For history teacher Mariana Ramirez and English teacher Alice Im, education is viewed as engaging young people in the world, helping them speak up, ask questions, and contribute. Rather than racing to cover the content, these two spend a little time, dig a little deeper, and engage the students. GIS is a key part of this.

Every school year begins with these teachers, armed with computers, the internet, and a map waiting to be enriched, guiding 11th graders from the Math, Science, and Technology Magnet Academy at Roosevelt High School in Los Angeles as they work on their projects. Understanding their world is the general task, but they must focus on a specific issue; work in teams; be scientific in gathering social data; analyze it mathematically; and then present it so others see and grasp its impact.

Using Challenges as GIS Project Opportunities

Roosevelt is a generations-old school in Boyle Heights—a storied community in East Los Angeles. Students in the Magnet Academy come by foot, skateboard, and bus, some needing over an hour and multiple bus transfers. The Academy is over 90 percent Hispanic, and over 90 percent free or reduced lunch. Many of Roosevelt’s students speak Spanish at home, and many will be the first in their family to go to college. Physical assets in the school beg for upgrade, but Ramirez and Im use the challenges in their world as opportunities to engage the students.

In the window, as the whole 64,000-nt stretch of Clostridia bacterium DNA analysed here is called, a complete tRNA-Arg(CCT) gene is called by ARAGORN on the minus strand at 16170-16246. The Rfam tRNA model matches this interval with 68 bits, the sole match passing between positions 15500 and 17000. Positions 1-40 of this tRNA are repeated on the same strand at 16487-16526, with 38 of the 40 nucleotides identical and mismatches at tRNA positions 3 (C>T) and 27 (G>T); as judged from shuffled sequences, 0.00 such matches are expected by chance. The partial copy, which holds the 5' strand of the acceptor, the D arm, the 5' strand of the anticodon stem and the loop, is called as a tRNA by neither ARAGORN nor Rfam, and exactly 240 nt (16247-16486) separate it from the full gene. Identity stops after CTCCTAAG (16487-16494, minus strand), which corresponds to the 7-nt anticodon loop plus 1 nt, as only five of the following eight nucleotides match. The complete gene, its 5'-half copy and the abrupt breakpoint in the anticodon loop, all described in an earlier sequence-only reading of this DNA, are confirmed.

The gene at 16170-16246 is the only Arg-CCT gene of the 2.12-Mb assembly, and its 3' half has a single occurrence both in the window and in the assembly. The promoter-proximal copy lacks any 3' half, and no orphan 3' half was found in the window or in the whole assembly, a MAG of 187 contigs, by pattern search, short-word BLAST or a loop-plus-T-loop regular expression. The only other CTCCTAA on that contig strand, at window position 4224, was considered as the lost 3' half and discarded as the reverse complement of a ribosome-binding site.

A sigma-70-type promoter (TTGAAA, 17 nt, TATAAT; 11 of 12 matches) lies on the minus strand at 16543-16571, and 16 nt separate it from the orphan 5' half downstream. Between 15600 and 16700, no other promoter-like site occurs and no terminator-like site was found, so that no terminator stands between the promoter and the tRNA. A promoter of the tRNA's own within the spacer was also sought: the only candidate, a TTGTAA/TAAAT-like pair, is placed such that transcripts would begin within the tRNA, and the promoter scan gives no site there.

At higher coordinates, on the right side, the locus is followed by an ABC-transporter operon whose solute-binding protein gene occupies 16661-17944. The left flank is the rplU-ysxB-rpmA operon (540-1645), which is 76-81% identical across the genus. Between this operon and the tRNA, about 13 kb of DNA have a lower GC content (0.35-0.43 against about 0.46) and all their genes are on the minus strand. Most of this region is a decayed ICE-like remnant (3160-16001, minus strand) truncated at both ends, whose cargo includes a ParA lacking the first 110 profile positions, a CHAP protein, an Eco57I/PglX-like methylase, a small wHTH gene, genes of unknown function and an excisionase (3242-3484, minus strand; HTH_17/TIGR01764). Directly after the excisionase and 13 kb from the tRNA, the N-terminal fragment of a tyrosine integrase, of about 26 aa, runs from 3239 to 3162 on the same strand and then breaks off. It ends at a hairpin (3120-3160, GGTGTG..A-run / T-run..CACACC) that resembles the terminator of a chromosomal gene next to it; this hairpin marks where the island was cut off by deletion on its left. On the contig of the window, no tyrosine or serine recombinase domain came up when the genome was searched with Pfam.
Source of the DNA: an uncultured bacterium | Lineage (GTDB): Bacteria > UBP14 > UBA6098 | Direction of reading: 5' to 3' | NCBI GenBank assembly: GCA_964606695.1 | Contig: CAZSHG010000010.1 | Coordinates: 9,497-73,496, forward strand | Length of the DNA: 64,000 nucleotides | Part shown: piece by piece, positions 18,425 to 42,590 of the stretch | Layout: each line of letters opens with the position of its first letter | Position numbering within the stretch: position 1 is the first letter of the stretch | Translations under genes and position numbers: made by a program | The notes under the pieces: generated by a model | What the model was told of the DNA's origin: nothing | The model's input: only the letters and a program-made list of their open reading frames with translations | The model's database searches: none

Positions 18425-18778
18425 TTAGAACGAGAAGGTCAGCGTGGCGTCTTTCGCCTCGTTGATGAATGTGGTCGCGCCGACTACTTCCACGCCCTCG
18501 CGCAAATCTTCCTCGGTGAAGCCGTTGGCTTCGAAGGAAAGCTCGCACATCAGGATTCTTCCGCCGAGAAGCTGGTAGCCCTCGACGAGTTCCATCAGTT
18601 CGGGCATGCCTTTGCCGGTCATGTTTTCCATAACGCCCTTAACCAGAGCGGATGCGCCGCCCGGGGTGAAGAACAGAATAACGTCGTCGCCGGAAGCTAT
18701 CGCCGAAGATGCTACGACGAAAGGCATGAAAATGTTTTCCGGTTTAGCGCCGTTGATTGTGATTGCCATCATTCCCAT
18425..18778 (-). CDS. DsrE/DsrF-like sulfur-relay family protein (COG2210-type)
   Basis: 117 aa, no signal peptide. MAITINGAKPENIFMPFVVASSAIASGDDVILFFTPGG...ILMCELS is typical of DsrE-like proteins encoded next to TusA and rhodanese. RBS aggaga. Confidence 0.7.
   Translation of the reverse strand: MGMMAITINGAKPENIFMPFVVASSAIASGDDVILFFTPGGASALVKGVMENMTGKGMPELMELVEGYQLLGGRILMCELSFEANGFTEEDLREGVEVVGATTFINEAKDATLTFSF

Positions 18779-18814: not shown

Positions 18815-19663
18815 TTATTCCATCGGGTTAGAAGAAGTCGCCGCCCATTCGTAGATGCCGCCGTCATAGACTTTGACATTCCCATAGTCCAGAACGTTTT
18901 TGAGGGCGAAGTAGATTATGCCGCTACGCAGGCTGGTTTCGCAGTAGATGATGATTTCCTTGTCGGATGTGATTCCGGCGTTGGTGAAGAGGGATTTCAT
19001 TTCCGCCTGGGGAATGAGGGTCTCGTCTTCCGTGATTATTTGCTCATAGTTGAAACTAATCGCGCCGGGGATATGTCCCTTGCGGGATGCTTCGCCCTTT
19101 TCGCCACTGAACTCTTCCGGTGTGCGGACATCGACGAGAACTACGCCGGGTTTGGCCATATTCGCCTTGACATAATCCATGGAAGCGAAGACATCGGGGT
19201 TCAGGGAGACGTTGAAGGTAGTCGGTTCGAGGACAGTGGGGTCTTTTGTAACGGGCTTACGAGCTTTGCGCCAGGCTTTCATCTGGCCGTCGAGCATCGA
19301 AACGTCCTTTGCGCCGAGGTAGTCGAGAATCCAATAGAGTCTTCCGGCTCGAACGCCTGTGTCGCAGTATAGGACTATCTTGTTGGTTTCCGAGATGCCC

Each year’s research project explores social justice, and they touch on the ideas through fall and winter as they build the mapping, data, and thinking skills needed for their big GIS project.

Over the years, student have tackled serious and vexing issues, such as:

  • Gentrification and community displacement
  • Patterns of pollution, income, and political power
  • Availability of green space
  • Relationships between community and law enforcement
  • Public art as heritage relative to commercial billboards
  • Fast food chains versus family-owned food trucks
  • Food deserts, public gardens, and plantable space
  • Expressions of prejudice against race, religion, sexual identity

To form some context around these serious issues, these teachers have turned to Geographic Information Systems (GIS).  Why is GIS so impactful in understanding communities’ most difficult issues?  And why is this skillset important to teach today’s students?

(Next page: GIS projects as community-building)

About the Author:

Charlie Fitzpatrick is the Esri Schools Program Manager.